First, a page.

Cover of the first edition
|Publisher||MacGibbon & Kee|
|Media type||Print (Hardcover and Paperback)|
|LC Class||HQ1206 .G77 2001|
|Followed by||The Whole Woman|
The Female Eunuch is a 1970 book by Germaine Greer that became an international bestseller and an important text in the feminist movement. Greer's thesis is that the "traditional" suburban, consumerist, nuclear family represses women sexually, and that this devitalises them, rendering them eunuchs. The book was published in London in October 1970. It received a mixed reception, but by March 1971, it had nearly sold out its second printing. It has been translated into eleven languages.
A sequel to The Female Eunuch, entitled The Whole Woman, was published in 1999.
The book is a feminist analysis, written with a mixture of polemic and scholarly research. It was a key text of the feminist movement in the 1970s, broadly discussed and criticised by other feminists and the wider community, particularly through the author's high profile in the broadcast media. In sections titled "Body", "Soul", "Love" and "Hate" Greer examines historical definitions of women's perception of self and uses a premise of imposed limitations to critique modern consumer societies, female "normality", and masculine shaping of stereotypes quoting, "The World has lost its soul, and I my sex." In contrast to earlier feminist works, Greer uses humour, boldness, and coarse language to present a direct and candid description of female sexuality, much of this subject having remained undiscussed in English-speaking societies. Greer's irreverence towards Sigmund Freud and psychoanalysis was inspired by Simone de Beauvoir's The Second Sex. The work bridged academia and the contemporary arts in presenting the targets of the final section of the book, Revolution; it is in accord, and often associated with, a creative and revolutionary movement of the period.
Greer argues that men hate women, though the latter do not realise this and are taught to hate themselves.
Greer argues that change had to come about via revolution, not evolution. Women should get to know and come to accept their own bodies, taste their own menstrual blood, and give up celibacy and monogamy. Yet they should not burn their bras. "Bras are a ludicrous invention," she wrote, "but if you make bralessness a rule, you're just subjecting yourself to yet another repression."
In a foreword added to the 21st anniversary edition, Greer references the loss of women's freedom with the "sudden death of communism" (1989) as catapult for women the world over for a sudden transition into consumer Western society wherein there is little to no protection for mothers and the disabled; here, there is no freedom to speak:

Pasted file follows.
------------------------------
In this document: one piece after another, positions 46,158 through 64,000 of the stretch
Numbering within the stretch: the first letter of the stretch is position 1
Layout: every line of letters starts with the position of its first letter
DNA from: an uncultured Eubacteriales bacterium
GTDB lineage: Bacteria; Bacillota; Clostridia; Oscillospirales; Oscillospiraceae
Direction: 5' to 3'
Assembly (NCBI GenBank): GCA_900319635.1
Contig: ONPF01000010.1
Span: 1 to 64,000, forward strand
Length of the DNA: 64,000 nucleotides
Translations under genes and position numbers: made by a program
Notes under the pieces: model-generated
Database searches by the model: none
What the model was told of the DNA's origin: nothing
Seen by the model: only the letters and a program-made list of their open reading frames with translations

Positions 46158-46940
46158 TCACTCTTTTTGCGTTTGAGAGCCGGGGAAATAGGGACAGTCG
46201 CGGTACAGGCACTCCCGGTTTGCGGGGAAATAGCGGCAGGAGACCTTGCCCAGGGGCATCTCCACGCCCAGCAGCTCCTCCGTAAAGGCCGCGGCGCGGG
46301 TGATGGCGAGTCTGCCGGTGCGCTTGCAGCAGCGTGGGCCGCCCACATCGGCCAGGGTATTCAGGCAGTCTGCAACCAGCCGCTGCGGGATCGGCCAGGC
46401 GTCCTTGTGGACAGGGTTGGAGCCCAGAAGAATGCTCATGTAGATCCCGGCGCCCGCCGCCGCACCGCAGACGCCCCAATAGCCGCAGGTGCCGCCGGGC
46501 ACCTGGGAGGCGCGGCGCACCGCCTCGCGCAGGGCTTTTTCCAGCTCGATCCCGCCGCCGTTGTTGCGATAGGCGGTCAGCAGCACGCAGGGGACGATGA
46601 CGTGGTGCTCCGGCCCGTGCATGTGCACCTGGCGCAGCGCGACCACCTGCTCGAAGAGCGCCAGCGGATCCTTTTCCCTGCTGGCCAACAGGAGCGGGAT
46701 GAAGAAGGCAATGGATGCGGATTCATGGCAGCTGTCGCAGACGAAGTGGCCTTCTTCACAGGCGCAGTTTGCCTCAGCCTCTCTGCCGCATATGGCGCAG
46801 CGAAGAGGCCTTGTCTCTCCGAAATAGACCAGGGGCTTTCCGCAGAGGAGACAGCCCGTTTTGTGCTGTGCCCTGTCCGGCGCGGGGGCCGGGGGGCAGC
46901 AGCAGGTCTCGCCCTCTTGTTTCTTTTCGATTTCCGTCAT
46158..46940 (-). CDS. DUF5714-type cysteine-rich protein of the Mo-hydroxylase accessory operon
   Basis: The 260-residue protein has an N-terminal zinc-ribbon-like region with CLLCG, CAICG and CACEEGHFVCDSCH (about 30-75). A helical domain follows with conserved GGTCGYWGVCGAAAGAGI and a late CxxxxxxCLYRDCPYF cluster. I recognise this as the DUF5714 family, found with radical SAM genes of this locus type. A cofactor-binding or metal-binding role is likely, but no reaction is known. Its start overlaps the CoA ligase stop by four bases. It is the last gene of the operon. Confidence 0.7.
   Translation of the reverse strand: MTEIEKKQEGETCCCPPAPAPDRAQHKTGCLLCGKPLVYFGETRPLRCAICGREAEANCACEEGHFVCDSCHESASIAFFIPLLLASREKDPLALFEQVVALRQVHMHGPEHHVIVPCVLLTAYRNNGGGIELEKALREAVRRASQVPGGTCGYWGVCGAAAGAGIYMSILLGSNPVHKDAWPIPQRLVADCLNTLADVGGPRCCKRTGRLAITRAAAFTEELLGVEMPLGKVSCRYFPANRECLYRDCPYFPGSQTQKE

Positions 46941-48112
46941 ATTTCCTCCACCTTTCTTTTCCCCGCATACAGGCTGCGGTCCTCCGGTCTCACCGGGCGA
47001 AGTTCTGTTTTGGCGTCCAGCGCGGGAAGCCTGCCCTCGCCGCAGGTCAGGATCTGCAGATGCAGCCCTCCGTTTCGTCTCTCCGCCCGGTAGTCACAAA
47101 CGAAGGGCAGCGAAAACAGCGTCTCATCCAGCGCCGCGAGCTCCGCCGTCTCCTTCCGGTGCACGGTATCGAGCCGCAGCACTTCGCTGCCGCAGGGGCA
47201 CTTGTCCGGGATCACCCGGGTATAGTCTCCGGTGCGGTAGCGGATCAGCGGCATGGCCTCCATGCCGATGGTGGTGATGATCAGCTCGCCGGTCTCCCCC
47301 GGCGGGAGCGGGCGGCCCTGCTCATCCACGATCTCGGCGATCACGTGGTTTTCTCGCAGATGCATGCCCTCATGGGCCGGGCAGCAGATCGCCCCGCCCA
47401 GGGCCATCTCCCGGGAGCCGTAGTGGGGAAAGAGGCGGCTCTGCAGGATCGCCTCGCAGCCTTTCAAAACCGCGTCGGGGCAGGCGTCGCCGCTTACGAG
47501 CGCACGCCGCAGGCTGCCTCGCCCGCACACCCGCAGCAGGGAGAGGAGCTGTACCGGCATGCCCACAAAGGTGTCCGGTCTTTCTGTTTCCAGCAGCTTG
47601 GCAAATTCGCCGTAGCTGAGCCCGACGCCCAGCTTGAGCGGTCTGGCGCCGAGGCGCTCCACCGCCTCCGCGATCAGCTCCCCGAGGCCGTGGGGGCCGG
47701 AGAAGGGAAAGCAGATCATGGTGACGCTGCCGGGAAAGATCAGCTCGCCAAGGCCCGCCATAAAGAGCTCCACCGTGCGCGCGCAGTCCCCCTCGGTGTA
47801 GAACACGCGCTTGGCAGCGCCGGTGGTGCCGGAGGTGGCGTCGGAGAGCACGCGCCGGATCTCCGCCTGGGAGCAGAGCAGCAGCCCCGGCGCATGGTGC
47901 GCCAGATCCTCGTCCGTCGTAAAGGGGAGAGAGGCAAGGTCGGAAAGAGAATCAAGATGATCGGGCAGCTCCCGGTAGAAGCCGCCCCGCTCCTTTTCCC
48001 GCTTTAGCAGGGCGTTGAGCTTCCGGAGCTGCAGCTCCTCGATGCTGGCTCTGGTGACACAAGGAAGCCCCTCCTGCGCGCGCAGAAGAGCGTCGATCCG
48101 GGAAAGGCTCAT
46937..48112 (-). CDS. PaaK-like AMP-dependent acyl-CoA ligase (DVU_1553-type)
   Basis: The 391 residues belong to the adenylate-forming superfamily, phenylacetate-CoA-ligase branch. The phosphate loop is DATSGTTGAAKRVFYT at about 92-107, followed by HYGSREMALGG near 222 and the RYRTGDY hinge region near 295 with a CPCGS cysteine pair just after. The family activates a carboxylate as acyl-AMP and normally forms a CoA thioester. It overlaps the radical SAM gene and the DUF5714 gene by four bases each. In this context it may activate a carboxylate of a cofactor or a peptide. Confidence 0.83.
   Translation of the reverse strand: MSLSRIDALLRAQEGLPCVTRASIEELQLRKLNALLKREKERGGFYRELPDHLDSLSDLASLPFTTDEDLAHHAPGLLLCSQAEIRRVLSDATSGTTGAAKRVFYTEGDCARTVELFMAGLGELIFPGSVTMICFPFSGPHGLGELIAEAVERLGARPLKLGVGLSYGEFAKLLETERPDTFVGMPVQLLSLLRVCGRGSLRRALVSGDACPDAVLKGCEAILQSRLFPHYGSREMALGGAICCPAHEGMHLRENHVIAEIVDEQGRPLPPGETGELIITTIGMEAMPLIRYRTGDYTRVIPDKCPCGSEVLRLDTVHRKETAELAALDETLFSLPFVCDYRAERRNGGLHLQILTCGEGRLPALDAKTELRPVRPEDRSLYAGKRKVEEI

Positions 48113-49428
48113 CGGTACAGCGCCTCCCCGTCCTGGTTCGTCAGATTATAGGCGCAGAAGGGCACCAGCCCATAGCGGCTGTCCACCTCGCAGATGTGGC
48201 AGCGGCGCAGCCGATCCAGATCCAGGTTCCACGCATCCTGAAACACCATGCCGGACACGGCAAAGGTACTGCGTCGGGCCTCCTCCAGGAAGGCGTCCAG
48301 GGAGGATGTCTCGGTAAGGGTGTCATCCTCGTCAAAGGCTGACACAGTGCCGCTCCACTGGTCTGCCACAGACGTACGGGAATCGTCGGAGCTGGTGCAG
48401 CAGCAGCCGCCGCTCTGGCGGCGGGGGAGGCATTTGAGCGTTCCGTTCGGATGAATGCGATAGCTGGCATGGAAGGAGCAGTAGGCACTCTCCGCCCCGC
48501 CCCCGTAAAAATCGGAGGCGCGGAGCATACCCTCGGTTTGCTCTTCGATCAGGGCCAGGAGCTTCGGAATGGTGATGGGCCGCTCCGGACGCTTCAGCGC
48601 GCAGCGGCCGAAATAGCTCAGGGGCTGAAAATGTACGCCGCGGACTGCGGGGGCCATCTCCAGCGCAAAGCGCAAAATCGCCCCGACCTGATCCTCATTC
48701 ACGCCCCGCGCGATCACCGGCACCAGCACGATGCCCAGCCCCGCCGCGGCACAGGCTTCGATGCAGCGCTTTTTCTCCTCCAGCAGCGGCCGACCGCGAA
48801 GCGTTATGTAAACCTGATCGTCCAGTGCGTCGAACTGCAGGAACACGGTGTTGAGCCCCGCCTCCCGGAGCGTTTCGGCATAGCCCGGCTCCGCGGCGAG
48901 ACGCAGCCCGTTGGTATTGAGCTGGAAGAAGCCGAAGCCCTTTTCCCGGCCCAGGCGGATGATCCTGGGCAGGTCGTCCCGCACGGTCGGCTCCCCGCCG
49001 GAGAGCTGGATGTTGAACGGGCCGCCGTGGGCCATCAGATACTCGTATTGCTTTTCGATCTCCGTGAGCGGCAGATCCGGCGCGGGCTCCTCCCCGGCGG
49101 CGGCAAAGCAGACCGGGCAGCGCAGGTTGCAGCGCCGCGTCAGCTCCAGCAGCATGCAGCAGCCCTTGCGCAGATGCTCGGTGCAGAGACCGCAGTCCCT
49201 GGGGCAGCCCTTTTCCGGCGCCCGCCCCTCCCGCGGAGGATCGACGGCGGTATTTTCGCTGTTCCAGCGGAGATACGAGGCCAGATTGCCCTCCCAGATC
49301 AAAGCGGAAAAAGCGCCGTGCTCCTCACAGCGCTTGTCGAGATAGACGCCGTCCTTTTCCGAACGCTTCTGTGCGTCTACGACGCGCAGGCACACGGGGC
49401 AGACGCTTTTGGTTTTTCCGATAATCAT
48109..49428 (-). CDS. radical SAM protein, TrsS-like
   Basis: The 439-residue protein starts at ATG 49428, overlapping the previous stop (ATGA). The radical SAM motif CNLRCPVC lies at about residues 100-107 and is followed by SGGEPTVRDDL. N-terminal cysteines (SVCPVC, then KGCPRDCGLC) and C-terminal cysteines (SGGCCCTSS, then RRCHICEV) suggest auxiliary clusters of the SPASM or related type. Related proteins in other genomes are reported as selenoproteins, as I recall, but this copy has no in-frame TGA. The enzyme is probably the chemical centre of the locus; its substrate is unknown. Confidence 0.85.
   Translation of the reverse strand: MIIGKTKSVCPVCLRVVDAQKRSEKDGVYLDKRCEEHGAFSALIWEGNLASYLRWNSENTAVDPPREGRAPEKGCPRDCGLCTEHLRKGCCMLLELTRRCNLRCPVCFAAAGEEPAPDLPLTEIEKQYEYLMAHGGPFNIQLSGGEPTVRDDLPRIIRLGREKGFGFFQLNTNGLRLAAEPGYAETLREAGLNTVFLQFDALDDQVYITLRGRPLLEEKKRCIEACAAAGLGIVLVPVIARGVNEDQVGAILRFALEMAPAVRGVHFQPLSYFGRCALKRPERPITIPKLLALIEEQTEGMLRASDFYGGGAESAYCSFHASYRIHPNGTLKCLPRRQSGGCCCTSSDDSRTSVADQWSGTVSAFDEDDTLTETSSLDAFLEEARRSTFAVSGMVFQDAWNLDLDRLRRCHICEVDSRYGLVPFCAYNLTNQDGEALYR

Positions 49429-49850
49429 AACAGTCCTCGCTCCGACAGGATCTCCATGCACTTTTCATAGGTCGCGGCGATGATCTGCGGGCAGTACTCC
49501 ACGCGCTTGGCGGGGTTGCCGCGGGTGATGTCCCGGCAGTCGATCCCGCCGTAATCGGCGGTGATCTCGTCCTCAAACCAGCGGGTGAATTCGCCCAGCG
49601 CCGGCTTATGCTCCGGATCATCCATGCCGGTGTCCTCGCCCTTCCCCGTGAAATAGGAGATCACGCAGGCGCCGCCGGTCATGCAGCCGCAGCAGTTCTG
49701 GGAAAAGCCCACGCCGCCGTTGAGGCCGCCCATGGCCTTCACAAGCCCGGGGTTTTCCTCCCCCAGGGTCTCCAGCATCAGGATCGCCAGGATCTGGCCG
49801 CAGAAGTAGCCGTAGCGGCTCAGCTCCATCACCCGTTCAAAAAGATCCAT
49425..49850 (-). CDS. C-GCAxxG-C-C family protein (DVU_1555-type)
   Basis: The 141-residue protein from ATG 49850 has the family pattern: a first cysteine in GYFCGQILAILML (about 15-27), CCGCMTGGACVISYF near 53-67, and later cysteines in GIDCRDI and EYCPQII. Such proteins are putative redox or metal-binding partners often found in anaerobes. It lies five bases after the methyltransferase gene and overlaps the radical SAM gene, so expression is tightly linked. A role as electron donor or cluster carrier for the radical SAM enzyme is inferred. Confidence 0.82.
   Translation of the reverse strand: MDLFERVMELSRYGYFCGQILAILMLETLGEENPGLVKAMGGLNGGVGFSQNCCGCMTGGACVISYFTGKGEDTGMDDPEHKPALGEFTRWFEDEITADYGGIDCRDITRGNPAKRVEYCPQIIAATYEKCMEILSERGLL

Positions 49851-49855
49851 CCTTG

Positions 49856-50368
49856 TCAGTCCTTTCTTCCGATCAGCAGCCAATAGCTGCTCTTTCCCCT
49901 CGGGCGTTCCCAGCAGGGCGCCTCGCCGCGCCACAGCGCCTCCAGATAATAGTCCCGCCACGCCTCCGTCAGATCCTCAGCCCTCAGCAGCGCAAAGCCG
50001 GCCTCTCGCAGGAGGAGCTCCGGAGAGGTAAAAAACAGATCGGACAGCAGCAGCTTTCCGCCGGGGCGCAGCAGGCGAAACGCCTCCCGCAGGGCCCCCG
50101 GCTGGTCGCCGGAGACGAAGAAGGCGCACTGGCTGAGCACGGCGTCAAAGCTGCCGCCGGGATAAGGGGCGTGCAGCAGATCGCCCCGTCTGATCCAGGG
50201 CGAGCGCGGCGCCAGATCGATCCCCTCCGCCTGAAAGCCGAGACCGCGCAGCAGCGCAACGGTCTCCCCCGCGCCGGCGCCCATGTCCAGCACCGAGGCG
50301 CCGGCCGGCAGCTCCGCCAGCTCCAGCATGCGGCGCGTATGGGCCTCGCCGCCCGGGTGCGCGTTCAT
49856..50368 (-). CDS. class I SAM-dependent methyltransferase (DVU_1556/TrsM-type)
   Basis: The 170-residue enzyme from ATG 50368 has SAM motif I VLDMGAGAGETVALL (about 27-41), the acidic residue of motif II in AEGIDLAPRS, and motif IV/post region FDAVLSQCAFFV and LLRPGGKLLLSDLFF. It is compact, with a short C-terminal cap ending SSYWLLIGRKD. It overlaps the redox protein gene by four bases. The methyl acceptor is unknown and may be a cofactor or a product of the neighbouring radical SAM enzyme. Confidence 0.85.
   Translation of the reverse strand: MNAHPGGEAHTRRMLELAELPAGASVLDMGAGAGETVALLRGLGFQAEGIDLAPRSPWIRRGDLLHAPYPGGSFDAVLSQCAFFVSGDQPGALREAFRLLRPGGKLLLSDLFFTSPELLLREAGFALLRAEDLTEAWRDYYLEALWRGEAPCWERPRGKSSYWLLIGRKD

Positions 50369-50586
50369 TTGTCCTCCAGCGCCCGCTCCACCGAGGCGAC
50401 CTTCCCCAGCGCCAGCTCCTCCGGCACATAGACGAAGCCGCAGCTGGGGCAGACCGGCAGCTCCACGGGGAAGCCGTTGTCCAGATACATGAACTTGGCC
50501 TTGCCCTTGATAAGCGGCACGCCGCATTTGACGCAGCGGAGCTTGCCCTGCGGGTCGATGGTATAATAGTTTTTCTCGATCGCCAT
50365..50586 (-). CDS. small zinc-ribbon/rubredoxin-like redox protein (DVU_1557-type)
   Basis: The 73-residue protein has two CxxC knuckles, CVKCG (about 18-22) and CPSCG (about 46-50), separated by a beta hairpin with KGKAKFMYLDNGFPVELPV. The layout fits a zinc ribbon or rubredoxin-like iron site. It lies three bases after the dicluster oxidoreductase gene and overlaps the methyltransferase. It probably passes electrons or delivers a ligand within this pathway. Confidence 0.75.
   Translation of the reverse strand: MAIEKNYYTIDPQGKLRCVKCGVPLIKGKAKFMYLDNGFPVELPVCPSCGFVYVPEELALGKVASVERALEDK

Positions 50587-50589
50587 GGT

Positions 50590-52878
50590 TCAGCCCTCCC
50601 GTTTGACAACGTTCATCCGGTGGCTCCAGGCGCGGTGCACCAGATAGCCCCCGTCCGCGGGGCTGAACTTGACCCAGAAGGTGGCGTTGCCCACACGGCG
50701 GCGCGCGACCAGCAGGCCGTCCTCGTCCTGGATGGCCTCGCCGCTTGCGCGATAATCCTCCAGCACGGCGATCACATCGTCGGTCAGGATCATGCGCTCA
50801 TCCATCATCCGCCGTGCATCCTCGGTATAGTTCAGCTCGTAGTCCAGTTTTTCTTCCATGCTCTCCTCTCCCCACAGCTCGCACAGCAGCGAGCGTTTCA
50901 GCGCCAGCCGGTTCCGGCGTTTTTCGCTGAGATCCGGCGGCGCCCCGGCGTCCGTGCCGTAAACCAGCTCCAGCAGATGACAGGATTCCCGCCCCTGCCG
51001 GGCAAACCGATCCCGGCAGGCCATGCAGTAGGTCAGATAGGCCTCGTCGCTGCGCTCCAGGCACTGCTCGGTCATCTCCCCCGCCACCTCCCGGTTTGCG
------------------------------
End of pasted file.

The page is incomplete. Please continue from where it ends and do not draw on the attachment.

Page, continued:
The freedom I pleaded for twenty years ago was freedom to be a person, with dignity, integrity, nobility, passion, pride that constitute personhood. Freedom to run, shout, talk loudly and sit with your knees apart. Freedom to know and love the earth and all that swims, lies, and crawls upon it...most of the women in the world are still afraid, still hungry, still mute and loaded by religion with all kinds of fetters, masked, muzzled, mutilated and beaten.
In a 1971 interview, Greer said of her book that "The title is an indication of the problem. Women have somehow been separated from their libido, from their faculty of desire, from their sexuality. They've become suspicious about it. Like beasts, for example, who are castrated in farming in order to serve their master's ulterior motives—to be fattened or made docile—women have been cut off from their capacity for action. It's a process that sacrifices vigor for delicacy and succulence, and one that's got to be changed." In January 1972 The Age's reviewer Thelma Forshaw described The Female Eunuch as "the orchestrated over-the-back-fence grizzle ... based on the curious fancy ... we were all men, and then some fiend castrated half of us and gave us a ghastly internal bookie's bag called a womb". The newspaper declared that the review "has stirred up a considerable controversy". According to the journalist Keith Dunstan, "[t]he reviews of [the book] were extremely mixed. The most famous was by [Forshaw] of The Age". Dunstan contrasted this with a positive review by Sylvia Lawson of The Australian, "[it has] been greeted in Australia with some fantastically myopic, complacent and resentful printed comment ... [the book] is neither dogmatic nor complacent, neither strident nor paranoic ... [it is] ranging, exploratory and questioning".
Laura Miller of Salon described the book as a "fitful, passionate, scattered text, not cohesive enough to qualify as a manifesto. It's all over the place, impulsive, and fatally naive—which is to say it is the quintessential product of its time." The neuroscientist Simon LeVay wrote in Queer Science (1996) that subsequent scientific research contradicted Greer's claim that there are no differences between the brains of men and women. The critic Camille Paglia called The Female Eunuch a "marvelous book", and described Greer's international tour to promote it as "the zenith of twentieth-century feminism." However, she also expressed disappointment with Greer's work subsequent to its publication.
... the book became almost a sacred text for the international women's liberation movement of the 1970s, notwithstanding sporadic criticism of aspects of its ideology from some feminists.
They didn't become megastars, but they became a librarian or something. I've heard women say again and again when the subject of Germaine comes up: 'Well, her book changed my life for the better.' And they'll be modest women living pretty ordinary lives, but better lives." Women entirely unlike Germaine Greer, the feminist who improved the world in spite of herself.